When the first attempt of gene therapy were made, a concoction of LDL- receptor genes was infused into the portal vein of patients with a family trait of high cholesterol levels. This was back in 1989, and the results at that point were not encouraging.
In the meantime advances have been made in genetic research. Dr. Duncan Stewart of the cardiology department of St. Michael’s Hospital in Toronto who is considered by many as the guru of cardiac gene therapy, reports that we are now “at a crucial stage of the field”. He cautions, that having the gene on hand is only part of the answer. For good results it is also important to understand how the delivery system to the diseased organ works.
Gene therapy stands out from other treatment options, because instead of drugs, DNA is provided. DNA itself is not the therapeutic agent. It penetrates the cells where it sets up shop and produces proteins, which are needed for therapy. In the case of heart disease, where heart vessels are blocked or have been damaged, the idea is to send specific DNA sequences to the heart cells and stimulate the production of growth factors. These growth factors would trigger new heart vessels to grow and take over for damaged or blocked vessels. This is not just a dream of a research team: a gene therapy trial – the only one of its kind in Canada – is on its way under the leadership of Dr. Stewart. This ambitious project was launched in 2002. In seven sites across Canada 110 patients with heart disease are receiving the vascular endothelial growth factor gene (VEGF for short). The gene is being directly injected into the areas of the heart where blood vessels have become diseased or blocked. The placement is measured with a mapping system known as NOGA. At the end of the year the study enrolment will be finished. Patients will be followed up for results 6 months later. This therapy promises long lasting effects, but it still has a long way to go.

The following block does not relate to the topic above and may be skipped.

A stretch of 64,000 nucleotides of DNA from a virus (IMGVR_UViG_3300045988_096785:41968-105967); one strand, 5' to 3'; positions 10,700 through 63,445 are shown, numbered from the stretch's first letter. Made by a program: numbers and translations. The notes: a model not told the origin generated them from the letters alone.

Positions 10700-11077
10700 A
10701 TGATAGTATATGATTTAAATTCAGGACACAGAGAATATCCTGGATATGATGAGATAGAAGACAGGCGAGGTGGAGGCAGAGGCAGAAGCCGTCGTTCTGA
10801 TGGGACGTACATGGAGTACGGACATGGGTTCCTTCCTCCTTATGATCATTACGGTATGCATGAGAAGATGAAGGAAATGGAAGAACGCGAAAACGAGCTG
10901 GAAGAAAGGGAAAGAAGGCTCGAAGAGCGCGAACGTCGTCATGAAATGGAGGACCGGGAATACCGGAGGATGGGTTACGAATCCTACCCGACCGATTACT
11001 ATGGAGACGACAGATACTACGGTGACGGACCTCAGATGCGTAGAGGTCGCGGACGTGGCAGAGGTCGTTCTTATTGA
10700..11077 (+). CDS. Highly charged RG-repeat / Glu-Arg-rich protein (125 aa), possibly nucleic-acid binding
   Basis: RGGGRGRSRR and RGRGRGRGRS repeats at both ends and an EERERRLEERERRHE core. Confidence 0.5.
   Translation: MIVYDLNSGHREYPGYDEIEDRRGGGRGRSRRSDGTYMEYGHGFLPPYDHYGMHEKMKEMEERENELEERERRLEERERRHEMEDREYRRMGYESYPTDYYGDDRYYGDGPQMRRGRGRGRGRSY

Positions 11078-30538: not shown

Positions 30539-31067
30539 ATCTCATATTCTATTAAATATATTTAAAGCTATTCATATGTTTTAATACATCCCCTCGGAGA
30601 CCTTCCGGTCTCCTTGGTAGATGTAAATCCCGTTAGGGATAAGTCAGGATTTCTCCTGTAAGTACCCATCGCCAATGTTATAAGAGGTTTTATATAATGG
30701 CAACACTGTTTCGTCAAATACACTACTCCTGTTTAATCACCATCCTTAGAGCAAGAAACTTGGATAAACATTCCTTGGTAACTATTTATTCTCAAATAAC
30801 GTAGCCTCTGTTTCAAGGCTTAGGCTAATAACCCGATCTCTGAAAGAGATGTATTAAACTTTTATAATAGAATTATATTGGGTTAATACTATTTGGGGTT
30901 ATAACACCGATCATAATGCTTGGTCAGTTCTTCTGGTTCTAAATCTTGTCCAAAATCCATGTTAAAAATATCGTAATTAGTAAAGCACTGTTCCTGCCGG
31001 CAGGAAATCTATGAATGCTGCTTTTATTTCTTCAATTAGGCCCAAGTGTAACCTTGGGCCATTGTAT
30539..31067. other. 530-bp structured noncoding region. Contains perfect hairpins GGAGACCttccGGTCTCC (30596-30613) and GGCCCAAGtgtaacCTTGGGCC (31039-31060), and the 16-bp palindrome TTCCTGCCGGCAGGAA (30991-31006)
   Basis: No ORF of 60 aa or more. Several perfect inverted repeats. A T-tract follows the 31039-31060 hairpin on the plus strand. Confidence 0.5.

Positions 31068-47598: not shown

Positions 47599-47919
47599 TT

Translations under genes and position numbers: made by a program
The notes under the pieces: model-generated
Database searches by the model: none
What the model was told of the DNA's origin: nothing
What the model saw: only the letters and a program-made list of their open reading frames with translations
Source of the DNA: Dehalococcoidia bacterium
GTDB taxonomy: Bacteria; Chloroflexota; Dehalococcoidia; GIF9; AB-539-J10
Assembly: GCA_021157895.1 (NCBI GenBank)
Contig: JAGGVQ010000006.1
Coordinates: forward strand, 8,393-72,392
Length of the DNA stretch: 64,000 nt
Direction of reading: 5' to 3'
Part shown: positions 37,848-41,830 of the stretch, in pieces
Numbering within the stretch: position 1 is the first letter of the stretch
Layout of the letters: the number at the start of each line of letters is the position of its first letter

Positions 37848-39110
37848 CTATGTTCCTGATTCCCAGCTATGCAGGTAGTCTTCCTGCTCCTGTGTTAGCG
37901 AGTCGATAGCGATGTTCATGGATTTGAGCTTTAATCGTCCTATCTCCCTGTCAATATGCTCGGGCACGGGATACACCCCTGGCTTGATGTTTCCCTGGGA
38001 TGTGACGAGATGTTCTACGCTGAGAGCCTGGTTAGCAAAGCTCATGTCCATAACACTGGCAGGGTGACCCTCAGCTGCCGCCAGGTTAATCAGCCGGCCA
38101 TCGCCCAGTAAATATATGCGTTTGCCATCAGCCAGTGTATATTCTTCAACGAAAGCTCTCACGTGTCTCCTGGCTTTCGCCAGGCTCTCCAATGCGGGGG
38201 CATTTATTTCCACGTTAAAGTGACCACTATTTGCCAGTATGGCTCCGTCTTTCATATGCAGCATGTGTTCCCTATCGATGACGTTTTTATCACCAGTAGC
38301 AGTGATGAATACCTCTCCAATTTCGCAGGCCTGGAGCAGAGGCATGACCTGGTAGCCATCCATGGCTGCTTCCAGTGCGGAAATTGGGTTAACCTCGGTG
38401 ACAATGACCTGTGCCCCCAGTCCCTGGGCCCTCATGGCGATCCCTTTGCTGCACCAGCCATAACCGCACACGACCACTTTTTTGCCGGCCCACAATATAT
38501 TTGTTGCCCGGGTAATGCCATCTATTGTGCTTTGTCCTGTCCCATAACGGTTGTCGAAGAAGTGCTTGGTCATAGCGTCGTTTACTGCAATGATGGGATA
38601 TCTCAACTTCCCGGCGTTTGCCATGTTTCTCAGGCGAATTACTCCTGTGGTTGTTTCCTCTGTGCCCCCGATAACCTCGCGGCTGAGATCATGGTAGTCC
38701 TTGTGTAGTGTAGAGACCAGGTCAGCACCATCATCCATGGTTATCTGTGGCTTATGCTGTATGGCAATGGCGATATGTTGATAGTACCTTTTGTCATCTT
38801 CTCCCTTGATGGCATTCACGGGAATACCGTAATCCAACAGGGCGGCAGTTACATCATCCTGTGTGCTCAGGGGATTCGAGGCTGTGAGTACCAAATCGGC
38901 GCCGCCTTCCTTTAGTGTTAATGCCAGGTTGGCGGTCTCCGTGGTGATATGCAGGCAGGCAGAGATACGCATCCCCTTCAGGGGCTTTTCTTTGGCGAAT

Dr. Robert Hegele from the Blackburn Cardiovascular Genetic Laboratory at the University of Western Ontario is credited with uncovering eight genes for human disease (four of them are related to cardiovascular illness) and 80 mutations in other genes that are contributing to premature heart disease and diabetes. Dr. Hegel’s interest is to discover the villains that predispose people to illness, but at the same time he cautions that genes are not everything. Being genetically susceptible does not necessarily foretell one’s destiny when it comes to developing heart disease. Dr. Hegele emphasizes that the longer he works in the genetic field, the more he respects environment and lifestyle and finds that most people can even overturn genetic susceptibility and he leaves us with the final remark: “Tell your patients to stay away from tobacco, eat wisely and get that needed exercise.”
More info on arteriosclerosis (hardening of the arteries): http://nethealthbook.com/cardiovascular-disease/heart-disease/atherosclerosis-the-missing-link-between-strokes-and-heart-attacks/
Reference: The Medical Post June 29, 2004 (Vol. 40, No.26): page 35
Comment (July 9, 2012): Note that this trial failed to show effectiveness as indicated in the paper below. So, eat wisely, exercise and don’t smoke.
VEGF gene therapy fails to improve perfusion of ischemic myocardium in patients with advanced coronary disease: results of the NORTHERN trial. Stewart DJ, Kutryk MJ, Fitchett D, Freeman M, Camack N, Su Y, Della Siega A, Bilodeau L, Burton JR, Proulx G, Radhakrishnan S; NORTHERN Trial Investigators. Mol Ther. 2009 Jun;17(6):1109-15. Epub 2009 Apr 7.
Last edited Oct. 26, 2014